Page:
The UK has changed its position many times, so I would not be surprised if they did it again, especially since the US has changed its president.


Joe Biden is far more closely aligned with the UK governments policies than Trump ever was (climate change, NATO, Iran nuclear deal, russia, etc).
 
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Dutchy
Posts: 12842
Joined: Sat Nov 03, 2007 1:25 am

Re: Brexit Part IX: Final rush to No Deal

Sun Nov 08, 2020 11:05 am

Arion640 wrote:
Dutchy wrote:
The UK has changed its position many times, so I would not be surprised if they did it again, especially since the US has changed its president.


Joe Biden is far more closely aligned with the UK governments policies than Trump ever was (climate change, NATO, Iran nuclear deal, russia, etc).


Not on Northern Ireland and that is one that really matters with regards of Brexit and obtaining a trade deal with the US.
 
marcelh
Posts: 1630
Joined: Wed Jun 19, 2013 12:43 pm

Re: Brexit Part IX: Final rush to No Deal

Sun Nov 08, 2020 11:19 am

Arion640 wrote:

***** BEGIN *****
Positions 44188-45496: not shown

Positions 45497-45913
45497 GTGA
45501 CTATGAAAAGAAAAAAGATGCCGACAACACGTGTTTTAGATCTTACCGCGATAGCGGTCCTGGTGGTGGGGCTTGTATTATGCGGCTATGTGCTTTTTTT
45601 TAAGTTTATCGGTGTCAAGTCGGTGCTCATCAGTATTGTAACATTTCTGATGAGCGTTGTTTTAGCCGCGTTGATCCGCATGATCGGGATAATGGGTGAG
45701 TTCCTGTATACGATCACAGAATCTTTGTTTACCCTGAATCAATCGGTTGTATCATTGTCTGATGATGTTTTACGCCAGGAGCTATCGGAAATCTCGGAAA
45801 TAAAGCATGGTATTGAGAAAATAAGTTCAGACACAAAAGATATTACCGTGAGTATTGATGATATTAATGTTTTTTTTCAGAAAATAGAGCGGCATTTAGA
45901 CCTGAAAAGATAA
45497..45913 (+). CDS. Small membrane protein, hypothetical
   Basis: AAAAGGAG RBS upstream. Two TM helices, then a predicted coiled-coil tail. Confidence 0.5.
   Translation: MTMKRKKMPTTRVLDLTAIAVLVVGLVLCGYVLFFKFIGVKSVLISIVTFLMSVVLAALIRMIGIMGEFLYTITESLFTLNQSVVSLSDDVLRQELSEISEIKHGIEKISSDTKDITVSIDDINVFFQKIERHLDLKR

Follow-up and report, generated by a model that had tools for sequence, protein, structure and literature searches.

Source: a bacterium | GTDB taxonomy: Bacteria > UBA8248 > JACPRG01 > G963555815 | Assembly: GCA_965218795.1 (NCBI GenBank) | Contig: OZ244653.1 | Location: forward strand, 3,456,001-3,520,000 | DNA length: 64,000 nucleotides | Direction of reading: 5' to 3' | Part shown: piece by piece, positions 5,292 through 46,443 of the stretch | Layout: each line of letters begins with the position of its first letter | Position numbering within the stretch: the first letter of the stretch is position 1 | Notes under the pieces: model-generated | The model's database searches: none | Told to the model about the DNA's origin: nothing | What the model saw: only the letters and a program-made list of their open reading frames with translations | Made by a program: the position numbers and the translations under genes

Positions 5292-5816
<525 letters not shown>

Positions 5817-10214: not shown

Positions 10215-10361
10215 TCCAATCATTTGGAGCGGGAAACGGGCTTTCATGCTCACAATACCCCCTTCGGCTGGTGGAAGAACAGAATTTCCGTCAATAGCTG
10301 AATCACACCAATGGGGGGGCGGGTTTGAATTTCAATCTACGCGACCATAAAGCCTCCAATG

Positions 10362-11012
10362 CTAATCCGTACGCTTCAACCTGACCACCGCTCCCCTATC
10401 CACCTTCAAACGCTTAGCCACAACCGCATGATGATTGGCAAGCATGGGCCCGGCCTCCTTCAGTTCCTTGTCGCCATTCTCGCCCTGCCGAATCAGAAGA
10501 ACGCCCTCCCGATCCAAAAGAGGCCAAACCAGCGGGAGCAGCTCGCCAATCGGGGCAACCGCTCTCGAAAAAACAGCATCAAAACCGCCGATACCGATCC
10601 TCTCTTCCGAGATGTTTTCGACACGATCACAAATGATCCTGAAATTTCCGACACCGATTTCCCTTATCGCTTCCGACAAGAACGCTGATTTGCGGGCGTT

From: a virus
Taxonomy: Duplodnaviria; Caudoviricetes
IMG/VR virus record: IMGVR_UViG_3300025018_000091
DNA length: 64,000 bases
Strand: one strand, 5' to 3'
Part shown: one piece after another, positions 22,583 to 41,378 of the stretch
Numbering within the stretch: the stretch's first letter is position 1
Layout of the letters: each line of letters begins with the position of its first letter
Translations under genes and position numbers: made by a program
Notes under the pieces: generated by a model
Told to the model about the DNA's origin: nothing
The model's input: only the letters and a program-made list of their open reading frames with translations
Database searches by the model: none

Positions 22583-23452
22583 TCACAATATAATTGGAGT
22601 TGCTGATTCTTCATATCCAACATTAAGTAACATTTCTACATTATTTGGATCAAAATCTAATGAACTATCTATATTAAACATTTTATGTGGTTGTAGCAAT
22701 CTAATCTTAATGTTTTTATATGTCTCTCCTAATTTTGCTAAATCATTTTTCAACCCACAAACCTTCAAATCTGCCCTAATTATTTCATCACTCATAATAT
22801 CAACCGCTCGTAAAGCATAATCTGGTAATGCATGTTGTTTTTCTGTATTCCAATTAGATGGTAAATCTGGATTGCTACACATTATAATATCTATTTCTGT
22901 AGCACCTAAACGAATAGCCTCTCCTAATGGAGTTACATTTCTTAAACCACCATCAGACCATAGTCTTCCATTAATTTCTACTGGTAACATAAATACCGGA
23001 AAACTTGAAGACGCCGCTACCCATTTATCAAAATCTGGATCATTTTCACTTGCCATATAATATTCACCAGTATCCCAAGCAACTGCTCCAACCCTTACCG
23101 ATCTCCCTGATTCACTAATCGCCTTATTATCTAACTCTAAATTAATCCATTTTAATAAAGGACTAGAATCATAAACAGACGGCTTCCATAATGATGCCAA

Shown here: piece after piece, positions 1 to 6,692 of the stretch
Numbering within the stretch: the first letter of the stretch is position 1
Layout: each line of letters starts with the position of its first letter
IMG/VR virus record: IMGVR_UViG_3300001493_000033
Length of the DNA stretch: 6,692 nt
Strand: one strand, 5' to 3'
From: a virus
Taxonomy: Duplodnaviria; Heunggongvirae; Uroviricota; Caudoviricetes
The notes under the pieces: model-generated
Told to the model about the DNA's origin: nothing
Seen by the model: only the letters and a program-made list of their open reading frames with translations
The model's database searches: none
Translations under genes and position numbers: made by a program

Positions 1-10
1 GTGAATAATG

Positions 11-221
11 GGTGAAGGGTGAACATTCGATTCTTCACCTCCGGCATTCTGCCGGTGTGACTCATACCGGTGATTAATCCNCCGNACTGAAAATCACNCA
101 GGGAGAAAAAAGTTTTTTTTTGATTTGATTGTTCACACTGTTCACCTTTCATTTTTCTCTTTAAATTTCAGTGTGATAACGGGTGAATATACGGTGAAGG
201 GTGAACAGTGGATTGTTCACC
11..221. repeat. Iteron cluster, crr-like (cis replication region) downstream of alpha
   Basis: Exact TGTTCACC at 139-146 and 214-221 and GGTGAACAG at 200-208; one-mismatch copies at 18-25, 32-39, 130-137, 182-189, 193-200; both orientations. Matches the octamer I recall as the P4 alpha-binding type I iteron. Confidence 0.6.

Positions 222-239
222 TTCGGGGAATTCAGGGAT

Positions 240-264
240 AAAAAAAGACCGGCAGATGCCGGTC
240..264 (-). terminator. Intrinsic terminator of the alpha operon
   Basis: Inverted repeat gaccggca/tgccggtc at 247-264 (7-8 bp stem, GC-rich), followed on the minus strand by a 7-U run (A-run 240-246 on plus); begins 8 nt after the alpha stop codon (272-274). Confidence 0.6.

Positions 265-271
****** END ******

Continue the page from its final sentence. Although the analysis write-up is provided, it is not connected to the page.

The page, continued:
Dutchy wrote:
The UK has changed its position many times, so I would not be surprised if they did it again, especially since the US has changed its president.


Joe Biden is far more closely aligned with the UK governments policies than Trump ever was (climate change, NATO, Iran nuclear deal, russia, etc).

So is it with the EU. But Biden is - just as Obama was - much more focused at the Pacific, so he isn’t interested in “issues” at this side of the Atlantic. You need the US more than they need the UK
 
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Dutchy
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Re: Brexit Part IX: Final rush to No Deal

Sun Nov 08, 2020 11:30 am

Don't forget Biden is of Irish decent en proud of it.

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Classic Airliners Props and jets from the good old days

Flight Decks Views from inside the cockpit

Aircraft Cabins Passenger cabin shots showing seat arrangements as well as cargo aircraft interior

Cargo Aircraft Pictures of great freighter aircraft

Government Aircraft Aircraft flying government officials

Helicopters Our large helicopter section. Both military and civil versions

Blimps / Airships Everything from the Goodyear blimp to the Zeppelin

Night Photos Beautiful shots taken while the sun is below the horizon

Accidents Accident, incident and crash related photos

Air to Air Photos taken by airborne photographers of airborne aircraft

Special Paint Schemes Aircraft painted in beautiful and original liveries

Airport Overviews Airport overviews from the air or ground

Tails and Winglets Tail and Winglet closeups with beautiful airline logos